Ghana Trades Union Congress (TUC) says it is forever indebted to the first President of Ghana, Dr. Kwame Nkrumah for his personal contribution towards the development of trade unionism in the country and the struggle of workers for social and economic justice.
The Current Ghana Trades Union Congress, TUC, traces its roots directly to the Nkrumah days, even if it is now operating under a different constitutional and legal framework.
Nkrumah saw in the workers movement the key transformatory force of the TUC and invested heavily in it by pursuing a vigorous policy of industrialization, job creation and education of the working people.
A statement by the TUC, and signed by it's Secretary General, Kofi Asamoah, on the occasion of the centenary of Dr. Kwame Nkrumah's birth attests to the cordial relations between the TUC and the Nkrumah government.
According to the statement relations between the TUC and the CPP government which developed during the struggle for independence, changed the industrial relations landscaped and positively affected conditions of workers in Ghana.
It said the CPP government demonstrated its commitment to the welfare of the working people by ratifying all the ILO convertions that were being applied by the colonial authorities. Out of the 47 ILO convertions that have been ratified by Ghana 34, representing 72 percent were ratified during the period 1957 and 1966, the rein of Dr. Nkrumah. According to the statement Dr. Nkrumah and his government went beyond the ratification of the convertions to ensure that workers actually enjoyed the benefits of these convertions.
It said the CPP administration also oversaw significant improvements in wages and salaries. The statement said, using the base period of 1956 the real average wage index increased from 100 to 124 in 1961.
The cost of living index also increased from 100 in 1956 to 111 in 1961.
The statement concluded that workers in Ghana got a better deal during the first republic than the colonial era during which period money wages remained unchanged for over twenty-one years in spite of the high cost of living.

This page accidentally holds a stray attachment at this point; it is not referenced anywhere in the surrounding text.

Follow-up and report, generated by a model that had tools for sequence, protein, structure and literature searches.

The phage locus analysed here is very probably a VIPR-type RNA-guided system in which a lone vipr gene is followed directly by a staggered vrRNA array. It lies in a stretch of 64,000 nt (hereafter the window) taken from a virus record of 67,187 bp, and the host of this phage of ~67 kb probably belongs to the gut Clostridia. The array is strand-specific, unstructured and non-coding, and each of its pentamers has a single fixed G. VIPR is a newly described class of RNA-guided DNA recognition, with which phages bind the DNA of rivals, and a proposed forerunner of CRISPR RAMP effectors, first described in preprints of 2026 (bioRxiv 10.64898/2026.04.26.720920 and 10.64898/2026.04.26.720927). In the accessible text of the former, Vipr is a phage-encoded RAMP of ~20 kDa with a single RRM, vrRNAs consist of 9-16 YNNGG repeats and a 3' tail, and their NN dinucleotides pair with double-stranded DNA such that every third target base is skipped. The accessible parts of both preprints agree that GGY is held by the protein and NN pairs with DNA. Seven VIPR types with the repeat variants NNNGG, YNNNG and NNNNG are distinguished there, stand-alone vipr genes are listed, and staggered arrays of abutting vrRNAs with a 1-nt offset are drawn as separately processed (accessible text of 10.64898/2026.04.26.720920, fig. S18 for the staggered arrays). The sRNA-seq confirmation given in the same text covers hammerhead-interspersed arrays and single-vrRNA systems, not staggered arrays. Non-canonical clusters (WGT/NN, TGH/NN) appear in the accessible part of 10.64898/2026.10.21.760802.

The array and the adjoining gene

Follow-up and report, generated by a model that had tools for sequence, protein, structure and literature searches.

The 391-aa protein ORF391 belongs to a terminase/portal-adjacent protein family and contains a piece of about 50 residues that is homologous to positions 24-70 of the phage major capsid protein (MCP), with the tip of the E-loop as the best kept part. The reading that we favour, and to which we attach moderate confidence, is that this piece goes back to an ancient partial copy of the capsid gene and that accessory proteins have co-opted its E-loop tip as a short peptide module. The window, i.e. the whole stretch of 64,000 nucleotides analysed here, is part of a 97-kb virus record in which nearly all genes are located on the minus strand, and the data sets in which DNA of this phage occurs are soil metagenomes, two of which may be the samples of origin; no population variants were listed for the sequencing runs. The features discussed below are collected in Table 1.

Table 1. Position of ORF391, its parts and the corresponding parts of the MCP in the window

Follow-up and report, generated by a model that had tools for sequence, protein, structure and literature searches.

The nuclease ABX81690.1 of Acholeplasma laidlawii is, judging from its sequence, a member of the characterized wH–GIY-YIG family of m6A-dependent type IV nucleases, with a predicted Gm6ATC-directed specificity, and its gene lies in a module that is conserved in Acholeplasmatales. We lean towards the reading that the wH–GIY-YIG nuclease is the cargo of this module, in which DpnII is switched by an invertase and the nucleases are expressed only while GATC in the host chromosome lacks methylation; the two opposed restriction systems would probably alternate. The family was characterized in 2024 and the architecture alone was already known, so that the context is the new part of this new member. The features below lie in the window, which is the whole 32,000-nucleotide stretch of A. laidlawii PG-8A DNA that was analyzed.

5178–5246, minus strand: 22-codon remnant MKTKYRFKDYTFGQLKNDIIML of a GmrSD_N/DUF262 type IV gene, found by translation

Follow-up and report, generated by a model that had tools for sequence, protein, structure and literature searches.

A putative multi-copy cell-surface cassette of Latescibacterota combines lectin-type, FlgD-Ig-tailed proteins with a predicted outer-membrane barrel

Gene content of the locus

The statement added that the audacious and comprehensive development plan that sought to transform Ghana from a country of shopkeeper's and consumers into a showpiece of a modern industrialized economy in Africa, a period where there would be full employment and the challenge of even shortage of labour force and the need for its importation form neighboring African countries.
In contrast today where mass unemployment, underemployment and rampant redundancy are the order of the day. His State Farms program was influenced not only by the concern for employment but the introduction of modern scientific large scale farming. This was to provide the necessary food for the country and agricultural raw material for agro-processing industry.
His Workers Brigade program was equally motivated by a commitment to create employment for working people.
The TUC salutes the memory of Osagyefo, the most outstanding African of the past millennium and his monumental achievements not only in laying the foundation for the unity of modern Ghana but equally importantly his untiring efforts towards forging the unity of Africa and people of African descent.
What we need to do as a people is to learn from these experiences, build upon the undoubtedly positive balance sheet he left us as a nation and continent and avoid the painful errors of the time.
For Ghana TUC the greatest tribute Ghana can pay Nkrumah on this Centenary Anniversary is to take seriously the implementation of his bold visionary program of transformation and development within the context of the circumstances of today.